Author Michael Botur writes about his recent international publishing deal, and the story of how he got a book cover tattooed on his ribs, that they didn’t even end up using.
It’s Ockhams time again. I’ve just sent in copies of my latest short story collection to the NZ Book Awards. Results are six months away.
Hell of a Thing is sixteen striking stories. The genre is literary fiction. The content: tales of first world f*ck-ups trying to work through conflict towards their goals. A cowardly father seeks a more exciting son; two lovers on a posh date dine on self-delusion; and an author turns his back on his past—until the past demands violent closure. We meet artistic terrorists, renegade daughters, an Uber driver from Waziristan, and a crew of casino kids stay up way past their bedtime and get into a crapload of trouble.
I wrote the stories bristling with defiant energy after my last collection of stories didn’t even make the Ockhams 2018 longlist. By mid-2019, I’d pushed all my frustration into my keyboard and written a bunch of new stories about a bunch of new subcultures - wrestlers, boxers, literary nerds, child arsonists, libertarians and radical Elam students getting revenge on Auckland Art Gallery.
Now, I knew it was going to be hard getting this collection published, since many publishers specify ‘PLEASE DO NOT SEND US GOD DAMN UNSELLABLE SHORT STORY COLLECTIONS’ on their submissions page. So I looked for a publisher with the same risk-taking genes as me. A wildman of words.
A lightbulb came on one day. That Mike Sager guy who publishes journalism about Rick James and John C. Holmes etc - he’s got a publishing imprint, right? You already sent him some fan mail so he knows your name - why not approach him?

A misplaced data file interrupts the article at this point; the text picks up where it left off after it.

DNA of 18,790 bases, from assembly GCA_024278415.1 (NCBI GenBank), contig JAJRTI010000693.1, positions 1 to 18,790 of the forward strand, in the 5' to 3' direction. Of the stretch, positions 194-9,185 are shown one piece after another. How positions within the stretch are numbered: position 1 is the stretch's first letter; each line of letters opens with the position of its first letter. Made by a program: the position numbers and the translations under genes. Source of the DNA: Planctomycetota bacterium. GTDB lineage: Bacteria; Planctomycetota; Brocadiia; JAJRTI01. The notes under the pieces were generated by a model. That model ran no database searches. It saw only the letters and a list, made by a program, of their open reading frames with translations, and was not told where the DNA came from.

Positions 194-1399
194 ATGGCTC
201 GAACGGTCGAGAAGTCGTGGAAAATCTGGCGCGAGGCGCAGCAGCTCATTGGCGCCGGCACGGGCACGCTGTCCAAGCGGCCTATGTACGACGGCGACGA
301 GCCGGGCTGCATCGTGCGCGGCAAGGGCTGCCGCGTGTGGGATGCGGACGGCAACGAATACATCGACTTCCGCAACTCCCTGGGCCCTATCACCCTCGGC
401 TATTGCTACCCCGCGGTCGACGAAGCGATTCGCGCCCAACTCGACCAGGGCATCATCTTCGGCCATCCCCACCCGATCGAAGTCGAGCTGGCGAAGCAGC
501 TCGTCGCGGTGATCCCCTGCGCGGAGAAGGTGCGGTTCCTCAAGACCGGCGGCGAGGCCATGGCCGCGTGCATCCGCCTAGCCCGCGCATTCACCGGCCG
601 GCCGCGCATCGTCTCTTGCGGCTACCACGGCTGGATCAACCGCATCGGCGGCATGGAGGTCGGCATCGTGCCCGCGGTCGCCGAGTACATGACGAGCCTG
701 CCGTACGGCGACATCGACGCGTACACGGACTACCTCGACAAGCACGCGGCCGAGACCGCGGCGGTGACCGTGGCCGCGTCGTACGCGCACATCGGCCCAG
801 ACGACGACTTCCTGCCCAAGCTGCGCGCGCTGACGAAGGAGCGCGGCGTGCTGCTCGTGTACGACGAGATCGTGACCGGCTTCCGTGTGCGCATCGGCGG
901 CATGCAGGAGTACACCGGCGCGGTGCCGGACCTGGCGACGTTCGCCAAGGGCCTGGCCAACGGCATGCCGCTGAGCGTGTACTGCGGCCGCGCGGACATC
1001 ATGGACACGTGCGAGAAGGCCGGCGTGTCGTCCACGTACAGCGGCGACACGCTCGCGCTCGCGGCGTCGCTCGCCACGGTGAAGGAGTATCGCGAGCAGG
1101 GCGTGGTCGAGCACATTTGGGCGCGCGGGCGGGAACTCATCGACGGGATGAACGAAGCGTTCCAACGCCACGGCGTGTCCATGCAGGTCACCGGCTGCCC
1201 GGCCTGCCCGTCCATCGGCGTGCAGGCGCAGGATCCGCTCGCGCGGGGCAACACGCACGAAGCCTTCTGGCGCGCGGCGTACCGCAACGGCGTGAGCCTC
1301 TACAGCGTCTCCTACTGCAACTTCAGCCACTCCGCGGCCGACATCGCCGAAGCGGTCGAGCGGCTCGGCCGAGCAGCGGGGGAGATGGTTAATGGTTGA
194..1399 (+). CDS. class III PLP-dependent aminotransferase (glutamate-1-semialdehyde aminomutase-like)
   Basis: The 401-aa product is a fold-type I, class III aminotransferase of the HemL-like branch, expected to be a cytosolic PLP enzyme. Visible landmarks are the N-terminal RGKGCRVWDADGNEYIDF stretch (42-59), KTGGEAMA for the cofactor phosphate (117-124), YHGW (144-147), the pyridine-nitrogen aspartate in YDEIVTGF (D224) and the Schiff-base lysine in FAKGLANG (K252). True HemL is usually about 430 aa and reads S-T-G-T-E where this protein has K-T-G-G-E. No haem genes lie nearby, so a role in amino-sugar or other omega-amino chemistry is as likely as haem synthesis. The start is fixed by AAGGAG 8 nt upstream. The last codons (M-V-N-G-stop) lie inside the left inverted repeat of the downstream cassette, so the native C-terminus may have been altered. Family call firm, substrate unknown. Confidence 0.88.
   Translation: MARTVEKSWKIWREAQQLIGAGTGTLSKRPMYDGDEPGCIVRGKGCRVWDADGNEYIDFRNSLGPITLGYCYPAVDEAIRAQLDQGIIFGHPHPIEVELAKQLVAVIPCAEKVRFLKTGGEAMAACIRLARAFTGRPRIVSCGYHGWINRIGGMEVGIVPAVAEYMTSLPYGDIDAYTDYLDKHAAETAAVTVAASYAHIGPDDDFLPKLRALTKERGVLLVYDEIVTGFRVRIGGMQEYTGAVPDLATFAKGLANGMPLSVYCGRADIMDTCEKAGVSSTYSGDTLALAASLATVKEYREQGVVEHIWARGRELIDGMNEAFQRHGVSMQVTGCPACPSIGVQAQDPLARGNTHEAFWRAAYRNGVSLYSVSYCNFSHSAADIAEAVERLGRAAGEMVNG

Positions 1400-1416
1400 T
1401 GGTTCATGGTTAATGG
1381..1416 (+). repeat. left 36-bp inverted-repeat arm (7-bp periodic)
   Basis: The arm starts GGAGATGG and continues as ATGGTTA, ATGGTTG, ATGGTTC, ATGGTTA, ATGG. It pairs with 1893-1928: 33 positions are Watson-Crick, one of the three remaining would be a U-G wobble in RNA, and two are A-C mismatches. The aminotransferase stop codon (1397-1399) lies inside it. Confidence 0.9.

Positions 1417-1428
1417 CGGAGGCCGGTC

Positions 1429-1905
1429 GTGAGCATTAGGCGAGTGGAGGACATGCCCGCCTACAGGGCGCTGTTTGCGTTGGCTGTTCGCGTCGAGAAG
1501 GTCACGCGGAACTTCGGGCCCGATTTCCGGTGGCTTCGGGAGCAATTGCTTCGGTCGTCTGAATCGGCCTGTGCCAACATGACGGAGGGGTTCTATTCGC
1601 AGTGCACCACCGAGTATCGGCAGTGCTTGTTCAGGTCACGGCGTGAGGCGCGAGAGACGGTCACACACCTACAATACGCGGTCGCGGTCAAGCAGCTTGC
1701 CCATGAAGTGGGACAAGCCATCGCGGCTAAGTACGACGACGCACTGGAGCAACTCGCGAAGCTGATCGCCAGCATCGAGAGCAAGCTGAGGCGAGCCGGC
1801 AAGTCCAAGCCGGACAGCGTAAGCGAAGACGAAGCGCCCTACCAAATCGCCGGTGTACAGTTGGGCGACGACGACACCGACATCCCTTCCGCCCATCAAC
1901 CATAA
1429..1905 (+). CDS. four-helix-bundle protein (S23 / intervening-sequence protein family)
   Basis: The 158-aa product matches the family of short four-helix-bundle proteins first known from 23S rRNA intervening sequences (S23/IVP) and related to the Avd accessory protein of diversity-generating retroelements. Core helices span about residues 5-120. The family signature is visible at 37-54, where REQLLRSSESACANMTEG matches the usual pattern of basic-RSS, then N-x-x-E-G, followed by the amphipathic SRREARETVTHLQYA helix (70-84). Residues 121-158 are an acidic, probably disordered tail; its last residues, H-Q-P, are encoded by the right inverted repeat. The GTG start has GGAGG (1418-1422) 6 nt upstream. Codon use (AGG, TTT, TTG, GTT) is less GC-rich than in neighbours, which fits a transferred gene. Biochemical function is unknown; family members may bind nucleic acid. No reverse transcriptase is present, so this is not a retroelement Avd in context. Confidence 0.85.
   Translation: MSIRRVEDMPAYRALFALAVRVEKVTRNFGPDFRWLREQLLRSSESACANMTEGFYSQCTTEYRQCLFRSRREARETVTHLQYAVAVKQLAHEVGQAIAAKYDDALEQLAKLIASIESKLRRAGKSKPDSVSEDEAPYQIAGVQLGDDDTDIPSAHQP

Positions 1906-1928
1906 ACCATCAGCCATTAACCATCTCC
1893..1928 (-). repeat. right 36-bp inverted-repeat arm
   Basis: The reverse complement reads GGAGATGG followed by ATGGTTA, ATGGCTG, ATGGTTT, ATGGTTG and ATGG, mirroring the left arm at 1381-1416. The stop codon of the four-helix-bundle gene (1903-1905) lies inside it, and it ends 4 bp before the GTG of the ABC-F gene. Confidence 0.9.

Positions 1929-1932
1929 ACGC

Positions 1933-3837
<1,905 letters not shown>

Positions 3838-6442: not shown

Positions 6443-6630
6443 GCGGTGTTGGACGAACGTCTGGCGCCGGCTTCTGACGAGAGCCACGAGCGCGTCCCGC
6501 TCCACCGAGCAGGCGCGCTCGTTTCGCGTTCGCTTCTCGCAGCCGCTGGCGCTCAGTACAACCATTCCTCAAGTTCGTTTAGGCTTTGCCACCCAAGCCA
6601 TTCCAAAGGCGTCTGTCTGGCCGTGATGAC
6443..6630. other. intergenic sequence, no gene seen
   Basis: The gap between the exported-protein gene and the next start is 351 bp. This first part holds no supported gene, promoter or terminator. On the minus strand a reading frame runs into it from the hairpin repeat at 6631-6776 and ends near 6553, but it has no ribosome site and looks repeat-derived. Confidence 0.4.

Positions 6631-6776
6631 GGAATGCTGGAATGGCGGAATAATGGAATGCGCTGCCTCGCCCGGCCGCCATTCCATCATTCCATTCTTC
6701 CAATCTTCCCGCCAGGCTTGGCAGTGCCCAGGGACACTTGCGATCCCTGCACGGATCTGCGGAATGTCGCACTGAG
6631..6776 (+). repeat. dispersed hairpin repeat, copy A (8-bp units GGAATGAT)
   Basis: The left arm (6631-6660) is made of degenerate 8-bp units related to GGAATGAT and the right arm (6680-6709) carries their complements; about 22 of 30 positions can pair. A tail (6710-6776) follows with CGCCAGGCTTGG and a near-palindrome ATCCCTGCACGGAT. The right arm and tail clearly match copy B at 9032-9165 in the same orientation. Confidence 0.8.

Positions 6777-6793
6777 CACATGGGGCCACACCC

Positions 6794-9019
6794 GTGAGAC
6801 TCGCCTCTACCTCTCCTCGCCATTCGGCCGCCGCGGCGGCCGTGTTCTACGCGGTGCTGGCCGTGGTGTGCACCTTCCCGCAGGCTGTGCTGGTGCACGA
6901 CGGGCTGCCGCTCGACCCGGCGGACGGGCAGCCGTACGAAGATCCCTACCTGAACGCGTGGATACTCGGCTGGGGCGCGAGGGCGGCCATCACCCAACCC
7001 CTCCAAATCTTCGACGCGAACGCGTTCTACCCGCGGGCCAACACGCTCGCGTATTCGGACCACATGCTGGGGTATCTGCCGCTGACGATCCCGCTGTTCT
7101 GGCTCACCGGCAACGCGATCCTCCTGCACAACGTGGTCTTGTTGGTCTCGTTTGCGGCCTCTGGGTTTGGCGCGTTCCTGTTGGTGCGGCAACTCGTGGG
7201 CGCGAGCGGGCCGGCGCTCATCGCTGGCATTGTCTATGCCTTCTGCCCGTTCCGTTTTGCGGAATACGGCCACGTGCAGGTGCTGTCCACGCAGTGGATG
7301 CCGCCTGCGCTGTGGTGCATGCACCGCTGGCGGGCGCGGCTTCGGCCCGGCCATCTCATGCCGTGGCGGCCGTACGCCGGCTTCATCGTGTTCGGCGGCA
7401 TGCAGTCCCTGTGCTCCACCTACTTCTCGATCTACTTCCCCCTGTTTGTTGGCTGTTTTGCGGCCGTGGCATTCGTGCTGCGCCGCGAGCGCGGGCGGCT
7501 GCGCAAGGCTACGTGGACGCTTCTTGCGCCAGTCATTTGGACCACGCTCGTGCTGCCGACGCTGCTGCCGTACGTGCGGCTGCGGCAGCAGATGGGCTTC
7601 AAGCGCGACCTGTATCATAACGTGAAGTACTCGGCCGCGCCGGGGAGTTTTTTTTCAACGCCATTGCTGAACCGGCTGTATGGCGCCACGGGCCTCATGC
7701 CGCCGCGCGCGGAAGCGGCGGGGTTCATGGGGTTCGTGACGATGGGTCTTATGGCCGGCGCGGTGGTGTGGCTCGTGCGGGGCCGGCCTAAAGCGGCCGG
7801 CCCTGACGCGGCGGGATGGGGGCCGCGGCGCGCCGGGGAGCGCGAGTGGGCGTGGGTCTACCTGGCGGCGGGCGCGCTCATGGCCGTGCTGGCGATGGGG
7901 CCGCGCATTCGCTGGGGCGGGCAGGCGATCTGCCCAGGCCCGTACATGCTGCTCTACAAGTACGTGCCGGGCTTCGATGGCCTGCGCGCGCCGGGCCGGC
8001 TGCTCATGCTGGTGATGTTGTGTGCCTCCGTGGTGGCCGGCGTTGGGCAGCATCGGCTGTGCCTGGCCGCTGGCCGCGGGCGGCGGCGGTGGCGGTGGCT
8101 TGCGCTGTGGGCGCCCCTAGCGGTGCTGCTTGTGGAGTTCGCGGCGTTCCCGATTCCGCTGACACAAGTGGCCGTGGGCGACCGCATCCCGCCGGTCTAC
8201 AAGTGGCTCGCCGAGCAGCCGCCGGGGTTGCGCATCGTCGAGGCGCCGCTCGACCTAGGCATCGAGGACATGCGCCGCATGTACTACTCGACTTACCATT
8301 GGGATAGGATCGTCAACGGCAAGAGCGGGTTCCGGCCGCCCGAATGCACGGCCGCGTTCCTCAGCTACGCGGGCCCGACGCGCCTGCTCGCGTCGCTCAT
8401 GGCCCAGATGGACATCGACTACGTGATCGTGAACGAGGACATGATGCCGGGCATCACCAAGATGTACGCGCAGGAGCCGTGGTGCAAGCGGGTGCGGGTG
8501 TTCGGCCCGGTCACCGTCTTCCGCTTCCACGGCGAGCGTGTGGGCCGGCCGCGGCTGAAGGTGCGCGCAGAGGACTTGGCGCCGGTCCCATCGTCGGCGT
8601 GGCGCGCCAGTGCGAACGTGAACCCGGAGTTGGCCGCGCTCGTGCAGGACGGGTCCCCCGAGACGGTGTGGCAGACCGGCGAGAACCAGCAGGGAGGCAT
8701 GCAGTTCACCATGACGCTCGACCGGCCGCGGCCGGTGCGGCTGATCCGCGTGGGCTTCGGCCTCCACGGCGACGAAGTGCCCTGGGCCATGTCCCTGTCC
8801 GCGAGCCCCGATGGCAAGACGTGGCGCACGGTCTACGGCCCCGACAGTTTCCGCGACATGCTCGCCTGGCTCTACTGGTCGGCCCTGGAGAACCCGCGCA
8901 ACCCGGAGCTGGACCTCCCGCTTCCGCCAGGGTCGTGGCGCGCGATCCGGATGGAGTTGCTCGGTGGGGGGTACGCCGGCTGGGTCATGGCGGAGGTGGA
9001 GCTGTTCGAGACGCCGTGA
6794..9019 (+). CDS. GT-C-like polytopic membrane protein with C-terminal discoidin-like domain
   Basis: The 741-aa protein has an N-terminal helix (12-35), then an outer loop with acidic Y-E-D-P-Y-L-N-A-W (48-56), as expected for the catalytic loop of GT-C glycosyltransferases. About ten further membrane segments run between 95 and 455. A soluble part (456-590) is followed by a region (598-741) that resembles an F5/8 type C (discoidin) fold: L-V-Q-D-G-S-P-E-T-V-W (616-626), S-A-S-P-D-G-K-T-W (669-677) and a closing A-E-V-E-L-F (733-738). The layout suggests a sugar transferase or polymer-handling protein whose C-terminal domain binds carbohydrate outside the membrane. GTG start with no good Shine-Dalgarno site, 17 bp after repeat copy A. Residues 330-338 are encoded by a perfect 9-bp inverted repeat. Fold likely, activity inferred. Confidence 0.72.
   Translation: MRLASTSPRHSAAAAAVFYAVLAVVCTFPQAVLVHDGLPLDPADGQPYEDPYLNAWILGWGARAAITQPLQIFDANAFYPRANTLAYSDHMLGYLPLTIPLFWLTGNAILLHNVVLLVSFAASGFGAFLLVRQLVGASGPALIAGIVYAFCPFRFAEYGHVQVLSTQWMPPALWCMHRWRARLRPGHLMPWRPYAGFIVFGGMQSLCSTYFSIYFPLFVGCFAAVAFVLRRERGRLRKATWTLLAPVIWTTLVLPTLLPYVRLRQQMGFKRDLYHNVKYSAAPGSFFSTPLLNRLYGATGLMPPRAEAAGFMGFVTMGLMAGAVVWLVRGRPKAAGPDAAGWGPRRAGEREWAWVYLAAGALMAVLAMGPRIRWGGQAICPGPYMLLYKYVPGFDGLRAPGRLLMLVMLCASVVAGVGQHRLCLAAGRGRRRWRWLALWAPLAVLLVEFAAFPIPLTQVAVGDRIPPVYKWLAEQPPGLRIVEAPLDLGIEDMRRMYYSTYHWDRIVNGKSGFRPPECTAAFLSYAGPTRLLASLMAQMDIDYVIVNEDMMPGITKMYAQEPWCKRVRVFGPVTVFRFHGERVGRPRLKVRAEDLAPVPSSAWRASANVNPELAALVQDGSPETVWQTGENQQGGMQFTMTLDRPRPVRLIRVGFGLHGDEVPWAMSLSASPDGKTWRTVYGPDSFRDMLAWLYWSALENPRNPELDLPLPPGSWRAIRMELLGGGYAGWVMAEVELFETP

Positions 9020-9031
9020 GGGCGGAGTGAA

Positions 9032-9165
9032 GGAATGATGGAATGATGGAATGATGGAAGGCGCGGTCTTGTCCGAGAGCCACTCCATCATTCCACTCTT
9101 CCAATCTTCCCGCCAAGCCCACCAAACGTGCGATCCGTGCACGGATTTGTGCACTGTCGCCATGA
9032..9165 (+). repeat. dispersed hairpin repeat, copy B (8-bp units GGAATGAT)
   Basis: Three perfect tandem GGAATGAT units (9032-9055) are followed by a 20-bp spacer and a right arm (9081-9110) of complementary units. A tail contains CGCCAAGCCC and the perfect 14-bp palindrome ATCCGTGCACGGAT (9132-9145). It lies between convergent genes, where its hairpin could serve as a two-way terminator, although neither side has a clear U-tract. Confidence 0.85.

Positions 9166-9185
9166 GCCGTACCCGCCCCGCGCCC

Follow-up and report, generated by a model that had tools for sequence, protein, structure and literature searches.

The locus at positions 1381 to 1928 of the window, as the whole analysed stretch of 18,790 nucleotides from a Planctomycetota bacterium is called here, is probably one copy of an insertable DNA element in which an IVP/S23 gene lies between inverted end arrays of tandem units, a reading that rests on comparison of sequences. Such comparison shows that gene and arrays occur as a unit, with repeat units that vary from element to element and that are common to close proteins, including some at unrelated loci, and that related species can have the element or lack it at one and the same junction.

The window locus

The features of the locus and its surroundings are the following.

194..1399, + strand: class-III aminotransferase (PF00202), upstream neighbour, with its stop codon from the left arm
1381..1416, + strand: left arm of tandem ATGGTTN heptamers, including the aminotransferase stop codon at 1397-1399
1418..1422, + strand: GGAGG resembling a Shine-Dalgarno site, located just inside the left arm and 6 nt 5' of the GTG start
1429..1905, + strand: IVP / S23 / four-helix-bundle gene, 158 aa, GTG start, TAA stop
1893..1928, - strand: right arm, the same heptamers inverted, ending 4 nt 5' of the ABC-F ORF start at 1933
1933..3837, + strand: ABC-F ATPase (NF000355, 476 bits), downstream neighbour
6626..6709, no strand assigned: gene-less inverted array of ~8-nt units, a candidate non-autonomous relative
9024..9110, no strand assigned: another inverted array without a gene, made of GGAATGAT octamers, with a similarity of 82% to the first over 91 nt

Yep, when I was a journalism student around 2013, I stumbled upon Scary Monsters and Super Freaks in the Pukekohe Library. I read all his journalism collections and sent him some fan mail. He sent me a free book. Our exchanges meant he had an idea of my background, so when it came to negotiating publishing over summer 2019-20, we already knew what each of us wanted out of the deal.
Why is Sager an American idol for me? He balances being wild with words and being professional with publishing. He has reputable things like the Washington Post, Esquire and the National Magazine Award associated with him; he also gets up close and personal with weed and porn stars and N.W.A.
I like the Sager flavour because after we agreed on a publishing deal for Hell of a Thing and I told him I planned to get the book cover literally tattooed on me, Sager barely blinked. We’re both gonzo.
I booked a session at my local tattoo parlour in the first week of January 2020. I endured the awful rattling bumps over my bloody ribs. I had amazing photos taken. I’d done something no author has probably ever done in history.
I sent my publisher amazing photographs.
Sager’s response? “The actual tattoo… I think in this case art needs to imitate life.”
Yup, the publisher’s art director was saying it would be better to create an imitation tattooed body instead.
As in, make up a digital tattoo.
As in, we weren’t even going to use the real tat that I’d bled for.
I was down three hundred bucks and up one permanent scar.
Even as COVID choke-slammed the world, Mike and Mike prepped the manuscript, lined up the covers, e-books, print-on-demand and promo copies.
I sent him some book reading videos.
He told me things are a lot tougher in America and I needed to up my game.
I sulked for a week and then did just that.
Despite getting some crazy-ass fever, I sat to record professional promo readings with my videographer mate Mark in May. Those promo videos are on Insta, YouTube and websites. Not every publisher does that for you.
My beautiful book is now available on many platforms. Not every publisher does that for you.
My publisher footed the bill to enter the 2021 Ockhams. Not every publisher does that for you, either.
So yeah, The Sager Group is a relatively small publisher and doesn’t have the budget to pay for a butler to escort me from bookshop to bookshop for a tour of packed-out readings. But we do have beautiful books full of outstanding stories. And so can you.
Advice: Look at the literary people you admire. If they’ve gotten into the publishing game, why not approach them? You’ll find yourselves with a relationship of mutual respect where one partner doesn’t have all the power. Begin from there.
Mike Botur also shares his ten best writing tips in this NZ Herald piece.